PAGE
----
The Festival of Social Sciences – public involvement
So the launch of the Festival of Sciences is today. A chance for us to share our work with students, members of the public and each other. We talk about Universities as being 'ivory towers' but actually each discipline or department is often a tower in its own right. We are taught to specialise, become experts, and by doing so often lose the time, the interest and the opportunity to engage more broadly within and outside our own discipline.
A different form of ivory tower is the idea that we as academics only ever talk to each other, or occasionally, students. What about promoting public understanding of our work? What about trying to make a difference and working with people to improve their understanding or approach to their work?
For the last three years I have been trying to straddle this three-way divide between academia - practitioners - public. I have been seconded to the NHS National Centre for Involvement that was set up in June 2006 to support and develop the capacity of NHS staff and organisations to engage with patients and the public about the way the develop, organise and deliver health services. So this was an opportunity to take my understanding of how and why to involve people and theories of engagement in to practice and see if I could help others across the NHS in England do their work in a different and hopefully better way.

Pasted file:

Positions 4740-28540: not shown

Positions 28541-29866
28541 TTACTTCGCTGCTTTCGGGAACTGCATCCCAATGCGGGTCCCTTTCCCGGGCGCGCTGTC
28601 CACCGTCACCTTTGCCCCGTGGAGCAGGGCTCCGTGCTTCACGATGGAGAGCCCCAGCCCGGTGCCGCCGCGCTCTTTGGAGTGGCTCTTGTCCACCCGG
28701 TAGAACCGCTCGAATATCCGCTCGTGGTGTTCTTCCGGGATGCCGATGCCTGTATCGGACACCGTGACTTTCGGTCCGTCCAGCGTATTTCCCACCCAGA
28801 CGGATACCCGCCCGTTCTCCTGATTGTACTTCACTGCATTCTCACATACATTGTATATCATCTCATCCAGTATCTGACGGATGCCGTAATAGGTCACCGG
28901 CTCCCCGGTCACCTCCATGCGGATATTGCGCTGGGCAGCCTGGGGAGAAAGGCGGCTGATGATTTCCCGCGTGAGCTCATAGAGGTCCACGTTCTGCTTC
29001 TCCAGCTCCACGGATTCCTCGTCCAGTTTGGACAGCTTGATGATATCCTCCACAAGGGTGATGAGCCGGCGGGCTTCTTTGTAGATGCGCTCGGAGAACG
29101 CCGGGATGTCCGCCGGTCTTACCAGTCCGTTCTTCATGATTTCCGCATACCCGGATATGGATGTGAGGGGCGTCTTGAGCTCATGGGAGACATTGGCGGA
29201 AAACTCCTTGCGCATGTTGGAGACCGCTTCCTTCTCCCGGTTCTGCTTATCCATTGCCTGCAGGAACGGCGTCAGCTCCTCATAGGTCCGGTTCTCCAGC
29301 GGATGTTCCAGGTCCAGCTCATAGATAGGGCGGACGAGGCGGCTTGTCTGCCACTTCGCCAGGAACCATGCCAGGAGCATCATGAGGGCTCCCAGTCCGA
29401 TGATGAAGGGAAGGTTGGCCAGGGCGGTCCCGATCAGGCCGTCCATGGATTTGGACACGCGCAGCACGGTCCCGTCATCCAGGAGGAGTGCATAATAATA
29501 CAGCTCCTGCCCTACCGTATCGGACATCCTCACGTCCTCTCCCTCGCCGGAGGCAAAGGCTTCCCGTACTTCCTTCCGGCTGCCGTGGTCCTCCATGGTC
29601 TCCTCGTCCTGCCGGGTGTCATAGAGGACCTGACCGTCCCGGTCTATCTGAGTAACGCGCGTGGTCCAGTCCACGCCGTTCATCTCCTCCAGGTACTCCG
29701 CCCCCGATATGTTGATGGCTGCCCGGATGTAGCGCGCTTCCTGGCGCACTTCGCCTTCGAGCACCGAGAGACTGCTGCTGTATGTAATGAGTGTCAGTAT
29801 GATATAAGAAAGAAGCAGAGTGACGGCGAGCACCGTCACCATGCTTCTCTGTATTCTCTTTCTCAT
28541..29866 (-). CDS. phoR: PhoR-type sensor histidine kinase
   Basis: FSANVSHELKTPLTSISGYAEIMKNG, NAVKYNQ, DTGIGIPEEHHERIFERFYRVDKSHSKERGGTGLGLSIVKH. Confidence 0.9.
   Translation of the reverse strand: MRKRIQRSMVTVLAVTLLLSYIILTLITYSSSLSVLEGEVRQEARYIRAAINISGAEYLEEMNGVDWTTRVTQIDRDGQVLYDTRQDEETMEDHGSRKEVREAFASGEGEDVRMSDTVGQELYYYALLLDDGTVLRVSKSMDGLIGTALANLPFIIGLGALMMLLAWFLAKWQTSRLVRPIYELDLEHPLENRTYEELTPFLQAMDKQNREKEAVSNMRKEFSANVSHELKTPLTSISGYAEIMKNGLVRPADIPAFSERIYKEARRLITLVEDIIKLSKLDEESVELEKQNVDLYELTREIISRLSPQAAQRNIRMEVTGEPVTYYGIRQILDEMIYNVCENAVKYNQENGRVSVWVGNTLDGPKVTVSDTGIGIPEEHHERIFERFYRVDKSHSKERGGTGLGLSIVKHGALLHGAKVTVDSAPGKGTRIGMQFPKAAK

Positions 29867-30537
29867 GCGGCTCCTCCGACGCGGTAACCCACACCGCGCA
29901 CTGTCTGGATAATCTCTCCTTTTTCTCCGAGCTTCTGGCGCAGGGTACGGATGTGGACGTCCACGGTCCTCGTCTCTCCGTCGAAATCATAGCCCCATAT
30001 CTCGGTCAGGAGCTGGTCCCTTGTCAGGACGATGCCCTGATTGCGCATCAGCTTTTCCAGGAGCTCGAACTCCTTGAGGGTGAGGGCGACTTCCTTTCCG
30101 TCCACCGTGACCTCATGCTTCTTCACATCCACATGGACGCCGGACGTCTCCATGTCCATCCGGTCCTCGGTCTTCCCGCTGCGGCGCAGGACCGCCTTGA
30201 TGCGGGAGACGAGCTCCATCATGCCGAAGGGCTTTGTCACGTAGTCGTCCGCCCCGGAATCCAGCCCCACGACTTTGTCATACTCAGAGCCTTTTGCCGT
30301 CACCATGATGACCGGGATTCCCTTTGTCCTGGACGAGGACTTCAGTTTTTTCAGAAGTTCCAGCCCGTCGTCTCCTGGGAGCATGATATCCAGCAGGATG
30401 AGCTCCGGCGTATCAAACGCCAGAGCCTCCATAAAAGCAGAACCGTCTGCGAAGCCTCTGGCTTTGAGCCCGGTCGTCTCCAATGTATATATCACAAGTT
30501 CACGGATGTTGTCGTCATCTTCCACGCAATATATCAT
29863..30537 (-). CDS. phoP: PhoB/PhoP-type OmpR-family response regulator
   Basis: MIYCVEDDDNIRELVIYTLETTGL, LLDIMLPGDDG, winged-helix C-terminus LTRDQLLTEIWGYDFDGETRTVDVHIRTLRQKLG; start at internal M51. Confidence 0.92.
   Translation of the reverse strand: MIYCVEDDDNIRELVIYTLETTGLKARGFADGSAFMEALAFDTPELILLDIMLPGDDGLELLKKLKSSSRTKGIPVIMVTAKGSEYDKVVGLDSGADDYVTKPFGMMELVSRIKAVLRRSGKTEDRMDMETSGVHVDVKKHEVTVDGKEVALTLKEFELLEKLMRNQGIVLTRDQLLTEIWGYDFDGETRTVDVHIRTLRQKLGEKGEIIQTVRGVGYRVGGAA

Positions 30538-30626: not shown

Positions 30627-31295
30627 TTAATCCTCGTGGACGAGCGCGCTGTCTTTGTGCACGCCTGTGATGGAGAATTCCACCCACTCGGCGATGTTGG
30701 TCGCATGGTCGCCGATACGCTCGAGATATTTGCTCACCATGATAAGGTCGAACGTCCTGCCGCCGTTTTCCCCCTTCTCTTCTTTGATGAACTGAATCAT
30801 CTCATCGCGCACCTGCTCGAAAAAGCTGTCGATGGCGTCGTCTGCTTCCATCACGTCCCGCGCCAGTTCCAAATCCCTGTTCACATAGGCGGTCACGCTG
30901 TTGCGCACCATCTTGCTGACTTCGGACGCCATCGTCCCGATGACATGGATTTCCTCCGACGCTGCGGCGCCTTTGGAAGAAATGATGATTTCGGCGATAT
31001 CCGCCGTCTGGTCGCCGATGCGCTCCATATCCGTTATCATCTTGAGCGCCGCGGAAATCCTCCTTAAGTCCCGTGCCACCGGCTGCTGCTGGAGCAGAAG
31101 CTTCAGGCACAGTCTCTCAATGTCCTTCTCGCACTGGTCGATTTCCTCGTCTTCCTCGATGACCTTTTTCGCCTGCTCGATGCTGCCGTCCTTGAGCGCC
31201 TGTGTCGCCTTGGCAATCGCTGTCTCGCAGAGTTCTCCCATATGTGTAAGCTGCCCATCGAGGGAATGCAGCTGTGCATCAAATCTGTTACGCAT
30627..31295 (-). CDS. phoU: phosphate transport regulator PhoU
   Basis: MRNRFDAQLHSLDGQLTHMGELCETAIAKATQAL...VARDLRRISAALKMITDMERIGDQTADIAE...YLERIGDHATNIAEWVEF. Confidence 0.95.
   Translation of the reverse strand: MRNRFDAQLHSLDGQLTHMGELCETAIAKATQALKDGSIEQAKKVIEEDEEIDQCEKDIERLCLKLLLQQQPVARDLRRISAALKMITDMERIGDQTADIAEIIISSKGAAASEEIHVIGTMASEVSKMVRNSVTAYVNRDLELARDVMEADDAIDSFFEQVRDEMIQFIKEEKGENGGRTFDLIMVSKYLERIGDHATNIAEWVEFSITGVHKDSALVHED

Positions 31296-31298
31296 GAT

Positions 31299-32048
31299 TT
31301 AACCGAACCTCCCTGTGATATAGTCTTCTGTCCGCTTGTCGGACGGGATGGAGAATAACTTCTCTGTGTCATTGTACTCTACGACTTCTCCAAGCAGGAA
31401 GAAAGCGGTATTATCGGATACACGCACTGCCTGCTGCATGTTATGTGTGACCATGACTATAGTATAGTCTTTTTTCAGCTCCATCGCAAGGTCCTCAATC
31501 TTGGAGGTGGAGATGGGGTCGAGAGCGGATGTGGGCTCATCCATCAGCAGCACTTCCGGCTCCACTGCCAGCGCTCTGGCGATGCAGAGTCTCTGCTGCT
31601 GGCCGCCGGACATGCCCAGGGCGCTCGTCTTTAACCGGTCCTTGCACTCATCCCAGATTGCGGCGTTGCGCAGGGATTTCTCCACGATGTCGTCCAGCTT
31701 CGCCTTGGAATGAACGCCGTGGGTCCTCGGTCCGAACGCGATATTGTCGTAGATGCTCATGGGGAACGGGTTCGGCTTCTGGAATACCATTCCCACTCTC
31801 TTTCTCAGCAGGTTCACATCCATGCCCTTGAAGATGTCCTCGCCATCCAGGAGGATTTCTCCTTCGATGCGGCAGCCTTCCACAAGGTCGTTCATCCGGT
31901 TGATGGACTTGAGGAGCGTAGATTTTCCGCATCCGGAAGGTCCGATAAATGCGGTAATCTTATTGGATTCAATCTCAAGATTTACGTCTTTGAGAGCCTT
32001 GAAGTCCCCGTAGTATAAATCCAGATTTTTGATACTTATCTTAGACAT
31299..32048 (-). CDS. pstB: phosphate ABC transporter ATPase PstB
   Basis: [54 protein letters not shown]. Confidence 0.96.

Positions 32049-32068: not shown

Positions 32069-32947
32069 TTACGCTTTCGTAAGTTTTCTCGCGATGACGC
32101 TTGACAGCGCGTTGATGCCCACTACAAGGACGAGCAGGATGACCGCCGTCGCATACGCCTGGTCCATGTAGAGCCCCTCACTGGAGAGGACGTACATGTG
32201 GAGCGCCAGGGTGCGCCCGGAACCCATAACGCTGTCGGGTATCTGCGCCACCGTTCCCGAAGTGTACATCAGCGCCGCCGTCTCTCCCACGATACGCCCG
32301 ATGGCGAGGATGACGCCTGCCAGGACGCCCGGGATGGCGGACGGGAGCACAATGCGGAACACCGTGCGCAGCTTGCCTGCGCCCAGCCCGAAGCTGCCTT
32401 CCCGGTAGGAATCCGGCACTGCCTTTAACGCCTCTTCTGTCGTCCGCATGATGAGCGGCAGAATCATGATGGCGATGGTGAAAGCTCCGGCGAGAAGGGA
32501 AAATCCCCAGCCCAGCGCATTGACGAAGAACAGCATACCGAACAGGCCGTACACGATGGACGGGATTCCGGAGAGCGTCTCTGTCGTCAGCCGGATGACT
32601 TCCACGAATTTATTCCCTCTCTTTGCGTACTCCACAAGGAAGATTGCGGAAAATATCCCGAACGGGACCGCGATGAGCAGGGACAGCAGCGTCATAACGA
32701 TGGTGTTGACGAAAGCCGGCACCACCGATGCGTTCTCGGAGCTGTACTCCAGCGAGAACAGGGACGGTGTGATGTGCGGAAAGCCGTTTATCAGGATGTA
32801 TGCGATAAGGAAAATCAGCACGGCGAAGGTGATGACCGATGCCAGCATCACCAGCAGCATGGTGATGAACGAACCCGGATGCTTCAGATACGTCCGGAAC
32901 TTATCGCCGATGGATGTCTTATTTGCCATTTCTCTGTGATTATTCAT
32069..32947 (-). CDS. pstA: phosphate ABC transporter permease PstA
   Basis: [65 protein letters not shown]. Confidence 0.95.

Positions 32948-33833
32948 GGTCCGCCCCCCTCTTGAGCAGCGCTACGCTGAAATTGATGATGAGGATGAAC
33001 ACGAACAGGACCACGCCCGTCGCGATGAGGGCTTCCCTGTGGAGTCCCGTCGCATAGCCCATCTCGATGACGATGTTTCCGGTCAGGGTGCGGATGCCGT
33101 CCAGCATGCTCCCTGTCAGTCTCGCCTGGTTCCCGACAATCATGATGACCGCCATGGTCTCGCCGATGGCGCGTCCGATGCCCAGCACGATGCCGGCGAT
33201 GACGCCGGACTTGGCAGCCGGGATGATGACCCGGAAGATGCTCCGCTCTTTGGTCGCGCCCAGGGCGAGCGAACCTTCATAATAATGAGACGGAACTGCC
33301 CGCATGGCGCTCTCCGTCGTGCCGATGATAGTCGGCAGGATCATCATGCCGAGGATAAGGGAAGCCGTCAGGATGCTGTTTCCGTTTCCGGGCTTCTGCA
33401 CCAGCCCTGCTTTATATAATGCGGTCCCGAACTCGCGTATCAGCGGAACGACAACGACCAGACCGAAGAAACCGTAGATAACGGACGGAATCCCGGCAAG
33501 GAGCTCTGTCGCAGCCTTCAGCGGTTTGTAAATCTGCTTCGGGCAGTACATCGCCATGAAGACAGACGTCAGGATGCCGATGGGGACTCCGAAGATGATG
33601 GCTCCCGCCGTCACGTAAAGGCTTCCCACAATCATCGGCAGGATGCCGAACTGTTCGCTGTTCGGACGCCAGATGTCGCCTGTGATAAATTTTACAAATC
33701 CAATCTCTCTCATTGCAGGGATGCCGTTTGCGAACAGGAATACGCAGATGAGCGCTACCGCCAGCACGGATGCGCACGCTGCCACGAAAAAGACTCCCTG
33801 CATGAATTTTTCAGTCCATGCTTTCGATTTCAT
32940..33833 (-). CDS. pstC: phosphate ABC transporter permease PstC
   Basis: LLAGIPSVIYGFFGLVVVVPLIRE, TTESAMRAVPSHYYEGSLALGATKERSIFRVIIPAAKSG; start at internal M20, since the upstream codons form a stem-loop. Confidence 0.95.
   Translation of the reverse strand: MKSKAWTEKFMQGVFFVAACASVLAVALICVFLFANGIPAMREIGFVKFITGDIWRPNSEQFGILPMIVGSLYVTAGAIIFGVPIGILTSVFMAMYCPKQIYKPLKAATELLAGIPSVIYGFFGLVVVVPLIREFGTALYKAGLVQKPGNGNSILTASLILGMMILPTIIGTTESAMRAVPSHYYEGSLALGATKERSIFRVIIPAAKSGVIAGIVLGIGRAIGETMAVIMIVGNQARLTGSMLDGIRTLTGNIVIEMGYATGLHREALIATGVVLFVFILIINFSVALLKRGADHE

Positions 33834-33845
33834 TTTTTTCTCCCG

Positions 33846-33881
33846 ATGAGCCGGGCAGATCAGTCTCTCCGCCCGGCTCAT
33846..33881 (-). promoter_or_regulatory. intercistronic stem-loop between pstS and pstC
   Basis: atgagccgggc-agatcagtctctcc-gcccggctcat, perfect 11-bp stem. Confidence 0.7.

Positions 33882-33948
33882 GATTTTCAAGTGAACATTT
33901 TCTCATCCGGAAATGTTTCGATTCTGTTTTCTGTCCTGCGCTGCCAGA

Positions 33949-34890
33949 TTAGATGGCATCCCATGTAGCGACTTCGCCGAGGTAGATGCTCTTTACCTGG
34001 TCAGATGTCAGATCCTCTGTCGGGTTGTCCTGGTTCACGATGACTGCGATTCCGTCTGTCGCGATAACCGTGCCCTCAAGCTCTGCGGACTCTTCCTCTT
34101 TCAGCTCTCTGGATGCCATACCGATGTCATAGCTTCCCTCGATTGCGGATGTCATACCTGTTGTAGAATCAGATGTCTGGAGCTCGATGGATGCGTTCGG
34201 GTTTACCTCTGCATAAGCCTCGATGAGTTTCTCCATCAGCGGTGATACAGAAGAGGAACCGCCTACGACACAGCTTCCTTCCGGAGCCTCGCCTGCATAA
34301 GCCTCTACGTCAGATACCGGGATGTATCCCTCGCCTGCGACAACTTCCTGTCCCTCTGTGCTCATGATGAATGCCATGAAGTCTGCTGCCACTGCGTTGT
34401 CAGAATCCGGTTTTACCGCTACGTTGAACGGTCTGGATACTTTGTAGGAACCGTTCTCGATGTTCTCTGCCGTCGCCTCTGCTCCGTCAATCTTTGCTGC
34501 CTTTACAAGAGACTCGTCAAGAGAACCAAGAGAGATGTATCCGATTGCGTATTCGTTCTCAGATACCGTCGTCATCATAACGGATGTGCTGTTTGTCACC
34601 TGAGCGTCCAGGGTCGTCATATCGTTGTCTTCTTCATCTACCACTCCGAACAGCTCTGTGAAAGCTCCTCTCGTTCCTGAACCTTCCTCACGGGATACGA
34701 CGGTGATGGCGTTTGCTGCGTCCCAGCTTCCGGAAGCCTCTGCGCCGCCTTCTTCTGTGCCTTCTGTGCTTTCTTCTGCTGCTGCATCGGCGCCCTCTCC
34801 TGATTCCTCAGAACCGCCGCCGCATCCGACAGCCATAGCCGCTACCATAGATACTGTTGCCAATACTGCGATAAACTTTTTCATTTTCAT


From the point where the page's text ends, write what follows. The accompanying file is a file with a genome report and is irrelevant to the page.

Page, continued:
So what do I do? I give lots of talks at conferences, at NHS organisations, to charities, 43 last year not just in England but across the UK as well as Australia, Canada, India, Israel, Finland, Sweden, Spain and the US. Sometimes the talks are about substantive issues or policies - methods for involvement, the implications of EU Directives - but often they are about exciting people about involvement helping them to consider how different health services would be if clinicians and other staff saw patients not as objects to be fixed but co-creators and partners in an endeavour to improve wellbeing.
So for me the Festival of Sciences offers another opportunity to think about how to make academic work, academic understanding make a difference. Somethin that I am also trying to pursue with an ESRC funded Seminar Series on Exploring the Impact of Public Involvement: Understanding the role of theory, practice and culture". The next seminar is on measuring the impact of involvement and is here at the University on 2 July (find more information at http://www.nhscentreforinvolvement.nhs.uk/index.dfm?Content=151) and all are welcome. The idea of the seminars is to think about involvement in environmental issues, in policy and in healthcare and to bring together members of the public interested in invovlement, those with experience in being involved, practitioners who have responsibility to engage with service user and the public as well as academics. This is the third seminar in the series and it has been great to have a diverse audience. I hope you will come too.